Appellee also in limine objects to any consideration of the first, second, and third assignments of error on the ground that there is in the record "no" motion attacking the verdict of the jury. This objection, we assume, is based upon the claim that, the motion having been filed after the expiration of the statutory 2-day period, the verdict would stand as unchallenged, because the motion, could not be considered in support of the assignments. We have said that the matter of when the motion for new trial was filed was an informality relating to the manner of appeal, and was waived in the absence of motion attacking same filed within 30 days after filing transcript in this court. Hence, having waived the time of filing motion for new trial, even if filed too late in the court below, which we do not determine, the same is in the record for consideration for all purposes. If, on the contrary, it is meant that the motion, if considered, does not attack the verdict of the jury, we conclude it is sufficient, since it, in substance, attacks both the verdict and the judgment on the ground of the insufficiency of the evidence; or, to put it more nearly in the language of the motion, on the ground that the undisputed evidence was at variance with the findings of the jury, which is substantially the same thing. The precise ruling in Scott v. Bank, 66 S.W. 485, cited in support of the motion, was that it was not only necessary to urge in the motion for new trial the insufficiency of the evidence to support the findings of the jury, but that, when such motion was overruled, it was necessary in order to review such action to assign as error the action of the court in overruling the motion for new trial. The motion for new trial now constitutes the assignments of error. Article 1612, Vernon's Sayles' Stats. Hence a complaint in the motion repeated in the assignment of error that the verdict should be set aside because without evidence to support it sufficiently raises the issue. Missouri, O. G. Ry. Co. of Texas v. Black, 176 S.W. 755. In the case cited writ of error was recently denied by our Supreme Court.

We now come to a consideration of the appeal upon its merits, and in that consideration we will not attempt to discuss each assignment seriatum, but, instead, will discuss the issues as such.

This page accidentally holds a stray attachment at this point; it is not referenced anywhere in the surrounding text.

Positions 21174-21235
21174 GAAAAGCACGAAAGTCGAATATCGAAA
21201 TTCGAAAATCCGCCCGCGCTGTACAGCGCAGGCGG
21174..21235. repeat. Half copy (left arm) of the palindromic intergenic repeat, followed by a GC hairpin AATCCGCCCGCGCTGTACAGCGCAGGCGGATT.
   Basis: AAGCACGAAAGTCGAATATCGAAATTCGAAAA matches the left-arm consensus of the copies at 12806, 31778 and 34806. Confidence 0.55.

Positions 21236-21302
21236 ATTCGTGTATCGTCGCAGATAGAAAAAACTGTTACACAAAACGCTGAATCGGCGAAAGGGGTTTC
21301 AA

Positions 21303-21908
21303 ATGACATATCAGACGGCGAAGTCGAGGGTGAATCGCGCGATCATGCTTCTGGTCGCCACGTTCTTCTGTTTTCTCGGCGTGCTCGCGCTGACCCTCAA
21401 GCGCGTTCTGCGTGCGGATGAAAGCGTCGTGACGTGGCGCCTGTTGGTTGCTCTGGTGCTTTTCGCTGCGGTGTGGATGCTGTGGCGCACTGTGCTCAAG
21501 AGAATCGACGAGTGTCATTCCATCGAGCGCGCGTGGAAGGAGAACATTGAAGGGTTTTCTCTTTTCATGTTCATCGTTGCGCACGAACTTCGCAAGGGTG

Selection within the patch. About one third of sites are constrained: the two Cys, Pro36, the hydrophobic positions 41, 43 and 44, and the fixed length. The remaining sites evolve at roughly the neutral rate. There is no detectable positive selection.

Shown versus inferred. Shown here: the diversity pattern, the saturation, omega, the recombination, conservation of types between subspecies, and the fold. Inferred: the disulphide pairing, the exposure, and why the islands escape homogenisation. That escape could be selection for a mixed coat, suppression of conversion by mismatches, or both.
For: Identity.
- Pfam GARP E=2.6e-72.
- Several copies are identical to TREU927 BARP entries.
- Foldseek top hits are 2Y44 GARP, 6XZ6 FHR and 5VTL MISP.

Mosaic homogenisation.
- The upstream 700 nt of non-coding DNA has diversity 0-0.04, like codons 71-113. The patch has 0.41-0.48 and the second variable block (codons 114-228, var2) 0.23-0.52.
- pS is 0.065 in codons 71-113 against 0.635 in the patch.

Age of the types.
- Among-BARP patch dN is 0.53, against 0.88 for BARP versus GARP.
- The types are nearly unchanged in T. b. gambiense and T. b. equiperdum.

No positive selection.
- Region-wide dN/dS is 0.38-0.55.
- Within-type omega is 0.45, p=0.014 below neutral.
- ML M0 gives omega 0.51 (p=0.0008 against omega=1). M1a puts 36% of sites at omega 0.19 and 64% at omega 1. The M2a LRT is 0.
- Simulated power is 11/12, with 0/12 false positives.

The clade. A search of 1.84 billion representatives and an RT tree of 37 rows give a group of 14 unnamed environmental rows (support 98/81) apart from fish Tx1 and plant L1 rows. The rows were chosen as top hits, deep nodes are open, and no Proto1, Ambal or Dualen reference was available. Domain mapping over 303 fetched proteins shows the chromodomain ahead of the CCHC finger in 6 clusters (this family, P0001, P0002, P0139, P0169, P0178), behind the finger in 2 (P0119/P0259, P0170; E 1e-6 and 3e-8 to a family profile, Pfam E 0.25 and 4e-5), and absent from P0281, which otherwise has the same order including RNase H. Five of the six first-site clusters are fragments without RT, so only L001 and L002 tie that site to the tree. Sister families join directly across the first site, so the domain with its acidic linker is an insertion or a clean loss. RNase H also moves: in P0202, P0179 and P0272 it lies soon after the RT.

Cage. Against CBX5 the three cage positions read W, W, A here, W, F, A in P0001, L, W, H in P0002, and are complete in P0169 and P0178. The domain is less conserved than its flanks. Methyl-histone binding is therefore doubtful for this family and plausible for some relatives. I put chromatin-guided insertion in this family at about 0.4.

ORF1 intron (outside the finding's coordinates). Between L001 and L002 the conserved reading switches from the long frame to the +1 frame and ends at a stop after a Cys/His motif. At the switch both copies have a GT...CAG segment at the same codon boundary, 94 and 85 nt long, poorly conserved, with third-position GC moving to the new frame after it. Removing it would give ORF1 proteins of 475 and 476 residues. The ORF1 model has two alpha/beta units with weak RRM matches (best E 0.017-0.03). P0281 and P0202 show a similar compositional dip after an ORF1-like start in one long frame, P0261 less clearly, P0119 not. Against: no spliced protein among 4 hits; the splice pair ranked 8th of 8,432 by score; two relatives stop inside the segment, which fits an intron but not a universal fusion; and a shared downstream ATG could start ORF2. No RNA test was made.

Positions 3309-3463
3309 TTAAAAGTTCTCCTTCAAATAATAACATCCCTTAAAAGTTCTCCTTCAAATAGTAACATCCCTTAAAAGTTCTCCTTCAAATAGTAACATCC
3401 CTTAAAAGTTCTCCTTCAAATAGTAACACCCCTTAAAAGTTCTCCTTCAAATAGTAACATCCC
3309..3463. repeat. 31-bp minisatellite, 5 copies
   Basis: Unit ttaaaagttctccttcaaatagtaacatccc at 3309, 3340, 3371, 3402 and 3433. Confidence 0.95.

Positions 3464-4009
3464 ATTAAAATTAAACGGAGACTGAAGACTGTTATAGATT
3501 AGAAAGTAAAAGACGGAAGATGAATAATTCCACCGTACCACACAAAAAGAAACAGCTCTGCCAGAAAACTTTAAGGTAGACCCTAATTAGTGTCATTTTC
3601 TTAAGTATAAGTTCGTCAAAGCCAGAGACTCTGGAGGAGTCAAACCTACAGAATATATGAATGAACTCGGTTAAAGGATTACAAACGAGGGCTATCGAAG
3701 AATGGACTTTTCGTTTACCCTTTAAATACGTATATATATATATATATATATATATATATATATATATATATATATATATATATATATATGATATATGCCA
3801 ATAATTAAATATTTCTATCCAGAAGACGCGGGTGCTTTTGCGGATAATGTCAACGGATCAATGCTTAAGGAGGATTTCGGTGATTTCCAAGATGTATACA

The first issue in importance is the claim that appellee was appellant's agent or vice principal, to whom was delegated the supervision and management of the mill, including the repair of all machinery at the time he was injured, and that the negligence which resulted in his injury was his own for which appellant was not liable in law. This issue was submitted to the jury, and the jury found that appellant was not a vice principal. This finding of the jury is attacked on the ground that it is without support in the evidence, which requires a review of the testimony by us on the issue so raised. We will not recite the evidence of the witnesses in hæc verba, but will state in our own language the facts deducible therefrom. According to the testimony of Homer W. Carson, appellee, he had been employed at the mill in some capacity since 1901, and was well acquainted with the premises, and efficient and experienced in all departments of the mill, gin, and electric light plant. He was "night foreman," and was in that capacity in charge of the mill, gin, and electric light plant, and at the time of the accident had been for two seasons. His duties were to go from place to place in the mill and see that the employés, consisting of nine or ten men, were at their proper places and properly performing their work and to keep their time; also it was his duty to shift the lever, which he was doing at the time he was injured; to "sometimes" make necessary repairs to the machinery or cease operating it; to repair a broken belt or similar mishap to the electric light plant; to keep the presses going. He was not a common laborer, but did at times perform such work as shoveling cotton seed and hulls. The other employés were not compelled to obey appellee's orders or quit, although appellee required them to obey his orders. It was appellee's duty, under instructions of the day superintendent, when the night crew was short or an extra man was needed, to employ one. The wage to be paid in case of vacancy was fixed by the day superintendent, but not where extra men were needed at night. Appellee did employ one hand while night foreman. He did employ and discharge help under the instructions of his employers before Mr. Leonard became day superintendent, but did not recall discharging any since. All employés other than appellee were employed and paid by the day superintendent. Appellee was employed and paid by the month, and worked regularly the full year. Between seasons he would be engaged in repairing the mill preparatory for the succeeding season, or, if not that, would be doing line work for the electrical department, putting up new lines, and installing electric lights in the houses of patrons. Appellee when injured was insured against accident, and in the written and sworn proof of his injuries made for the insurance company stated that he was "night superintendent at the oil mill." His explanation of that statement was that he told the agent what his duties were (being those we have detailed), and that the agent wrote it in the proof as it appeared.